Distressingly Few Conservative Profs

Scott Jaschik of Inside Higher Ed has a long and excellent article on the Gross-Simmons study on the political and social views of professors, as well as on the Harvard symposium last Saturday that discussed the findings. The study concluded that the professoriate is more moderate than many believe, with younger instructors less activist and less liberal than older ones, though there has been no rise in the percentage of conservatives (I discussed this study here on October 10th.)

If you are pressed for time and have already read an account of the Gross-Simmons conclusions, skip down to the second half of the Jaschik report, which features comments by Harvard’s former president Lawrence Summers and other faculty members. Summers says the percentage of conservative professors is distressingly small, but thinks it would be “extraordinarily unwise and dangerous” to try forcing more balance in hiring.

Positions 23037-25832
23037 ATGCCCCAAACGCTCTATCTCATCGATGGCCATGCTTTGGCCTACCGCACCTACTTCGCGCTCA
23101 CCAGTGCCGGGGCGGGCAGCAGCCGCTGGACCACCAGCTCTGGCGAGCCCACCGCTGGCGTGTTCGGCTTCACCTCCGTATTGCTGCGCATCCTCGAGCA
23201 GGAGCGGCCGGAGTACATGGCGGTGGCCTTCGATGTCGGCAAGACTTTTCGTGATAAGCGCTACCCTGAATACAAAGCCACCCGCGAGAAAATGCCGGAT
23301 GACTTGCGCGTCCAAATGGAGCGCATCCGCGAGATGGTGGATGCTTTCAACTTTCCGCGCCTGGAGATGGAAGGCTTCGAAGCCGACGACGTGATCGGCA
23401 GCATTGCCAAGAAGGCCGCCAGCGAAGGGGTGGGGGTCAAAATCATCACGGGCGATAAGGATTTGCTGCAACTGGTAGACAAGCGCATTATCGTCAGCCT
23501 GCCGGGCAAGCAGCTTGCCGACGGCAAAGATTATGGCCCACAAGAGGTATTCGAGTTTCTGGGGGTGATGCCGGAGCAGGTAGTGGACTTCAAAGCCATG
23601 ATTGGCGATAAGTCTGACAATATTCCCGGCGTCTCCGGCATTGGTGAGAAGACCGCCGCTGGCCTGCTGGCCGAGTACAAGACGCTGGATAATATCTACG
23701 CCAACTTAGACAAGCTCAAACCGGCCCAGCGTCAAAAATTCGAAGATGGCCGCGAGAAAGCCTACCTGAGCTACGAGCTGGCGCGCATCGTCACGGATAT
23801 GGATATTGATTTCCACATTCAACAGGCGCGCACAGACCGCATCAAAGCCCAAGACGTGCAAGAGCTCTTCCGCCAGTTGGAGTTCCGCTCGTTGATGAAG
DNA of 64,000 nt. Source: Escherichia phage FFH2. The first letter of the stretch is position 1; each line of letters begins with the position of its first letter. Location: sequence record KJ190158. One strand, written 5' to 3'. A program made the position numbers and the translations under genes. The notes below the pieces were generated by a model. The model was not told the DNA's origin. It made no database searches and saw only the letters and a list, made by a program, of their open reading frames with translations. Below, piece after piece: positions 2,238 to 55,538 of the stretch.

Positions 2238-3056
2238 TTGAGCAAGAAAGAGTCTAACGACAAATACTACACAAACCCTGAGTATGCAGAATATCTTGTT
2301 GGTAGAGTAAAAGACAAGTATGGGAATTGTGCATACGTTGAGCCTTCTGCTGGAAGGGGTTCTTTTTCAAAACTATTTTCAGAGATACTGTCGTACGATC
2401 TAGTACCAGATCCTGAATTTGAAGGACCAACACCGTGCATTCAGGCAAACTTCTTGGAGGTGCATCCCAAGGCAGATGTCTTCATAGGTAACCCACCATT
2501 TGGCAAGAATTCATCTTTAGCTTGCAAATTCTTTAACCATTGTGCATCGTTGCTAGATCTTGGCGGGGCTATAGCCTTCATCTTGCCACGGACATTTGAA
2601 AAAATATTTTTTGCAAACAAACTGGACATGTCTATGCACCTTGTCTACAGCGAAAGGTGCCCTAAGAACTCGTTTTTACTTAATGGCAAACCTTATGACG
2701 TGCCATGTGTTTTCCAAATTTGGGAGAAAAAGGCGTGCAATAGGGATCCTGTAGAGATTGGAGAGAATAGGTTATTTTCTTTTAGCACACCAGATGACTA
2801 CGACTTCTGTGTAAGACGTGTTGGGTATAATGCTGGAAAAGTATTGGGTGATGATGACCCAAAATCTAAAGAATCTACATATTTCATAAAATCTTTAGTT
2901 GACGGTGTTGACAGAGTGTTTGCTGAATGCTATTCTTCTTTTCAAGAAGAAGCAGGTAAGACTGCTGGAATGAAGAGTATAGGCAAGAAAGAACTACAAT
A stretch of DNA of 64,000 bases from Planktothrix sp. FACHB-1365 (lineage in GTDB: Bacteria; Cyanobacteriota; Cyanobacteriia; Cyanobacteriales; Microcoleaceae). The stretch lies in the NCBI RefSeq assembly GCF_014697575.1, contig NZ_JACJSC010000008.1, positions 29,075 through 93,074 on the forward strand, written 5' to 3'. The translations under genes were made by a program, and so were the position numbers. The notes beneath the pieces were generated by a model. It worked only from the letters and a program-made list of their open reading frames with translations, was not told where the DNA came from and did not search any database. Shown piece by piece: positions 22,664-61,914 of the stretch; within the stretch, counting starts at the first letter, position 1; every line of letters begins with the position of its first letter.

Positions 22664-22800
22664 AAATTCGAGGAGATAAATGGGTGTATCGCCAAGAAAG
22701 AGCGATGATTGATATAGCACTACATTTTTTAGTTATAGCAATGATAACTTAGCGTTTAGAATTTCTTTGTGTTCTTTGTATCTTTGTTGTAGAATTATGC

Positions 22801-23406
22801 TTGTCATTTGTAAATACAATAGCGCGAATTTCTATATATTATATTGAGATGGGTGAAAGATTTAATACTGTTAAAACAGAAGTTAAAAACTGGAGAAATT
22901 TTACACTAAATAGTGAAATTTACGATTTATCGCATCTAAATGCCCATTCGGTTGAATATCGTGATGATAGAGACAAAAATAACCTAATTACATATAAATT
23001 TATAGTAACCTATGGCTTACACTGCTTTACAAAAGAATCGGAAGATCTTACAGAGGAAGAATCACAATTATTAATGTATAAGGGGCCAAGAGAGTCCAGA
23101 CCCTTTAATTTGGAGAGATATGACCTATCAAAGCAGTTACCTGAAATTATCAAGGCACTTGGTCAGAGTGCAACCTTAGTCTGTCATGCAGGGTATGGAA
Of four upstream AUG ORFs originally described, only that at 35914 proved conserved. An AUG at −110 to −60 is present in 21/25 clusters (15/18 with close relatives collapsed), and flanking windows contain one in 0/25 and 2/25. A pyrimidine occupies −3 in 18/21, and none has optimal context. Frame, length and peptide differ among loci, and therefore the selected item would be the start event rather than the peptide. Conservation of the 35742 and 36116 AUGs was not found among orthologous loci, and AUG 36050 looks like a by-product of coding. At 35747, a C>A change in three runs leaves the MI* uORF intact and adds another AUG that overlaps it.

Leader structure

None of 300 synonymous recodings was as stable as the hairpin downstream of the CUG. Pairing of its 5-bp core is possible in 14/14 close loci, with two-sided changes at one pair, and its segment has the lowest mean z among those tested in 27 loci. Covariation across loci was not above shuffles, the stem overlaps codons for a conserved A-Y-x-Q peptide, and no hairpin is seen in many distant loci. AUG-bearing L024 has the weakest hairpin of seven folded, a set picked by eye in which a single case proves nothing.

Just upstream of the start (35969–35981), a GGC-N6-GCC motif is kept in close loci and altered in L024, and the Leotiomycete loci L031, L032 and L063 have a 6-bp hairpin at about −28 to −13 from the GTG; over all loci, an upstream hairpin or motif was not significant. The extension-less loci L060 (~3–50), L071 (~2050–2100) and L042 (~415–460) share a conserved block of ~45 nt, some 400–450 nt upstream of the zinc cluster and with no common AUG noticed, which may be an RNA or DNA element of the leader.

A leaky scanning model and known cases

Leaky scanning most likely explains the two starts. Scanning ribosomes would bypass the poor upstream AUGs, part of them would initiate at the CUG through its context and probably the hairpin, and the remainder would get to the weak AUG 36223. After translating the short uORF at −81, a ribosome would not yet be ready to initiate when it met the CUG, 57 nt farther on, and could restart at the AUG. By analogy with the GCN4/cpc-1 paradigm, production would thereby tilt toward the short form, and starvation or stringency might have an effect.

Jonathan Zimmerman, a historian at New York University, said the experience of growing up in the 80s and 90s amid the rise of the political right has had a profound effect on professors, including an “erosion of faith in citizens.” He said, “the story we need to tell is about the alienation of professors from the publics.” At the end of the Jaschik report is a collection of unusually interesting reader comments on Gross-Simmons and the issues it raises.

John Leo

John Leo is the editor of Minding the Campus, dedicated to chronicling imbalances within higher education and restoring intellectual pluralism to our American universities. His popular column, "On Society," ran in U.S.News & World Report for 17 years.

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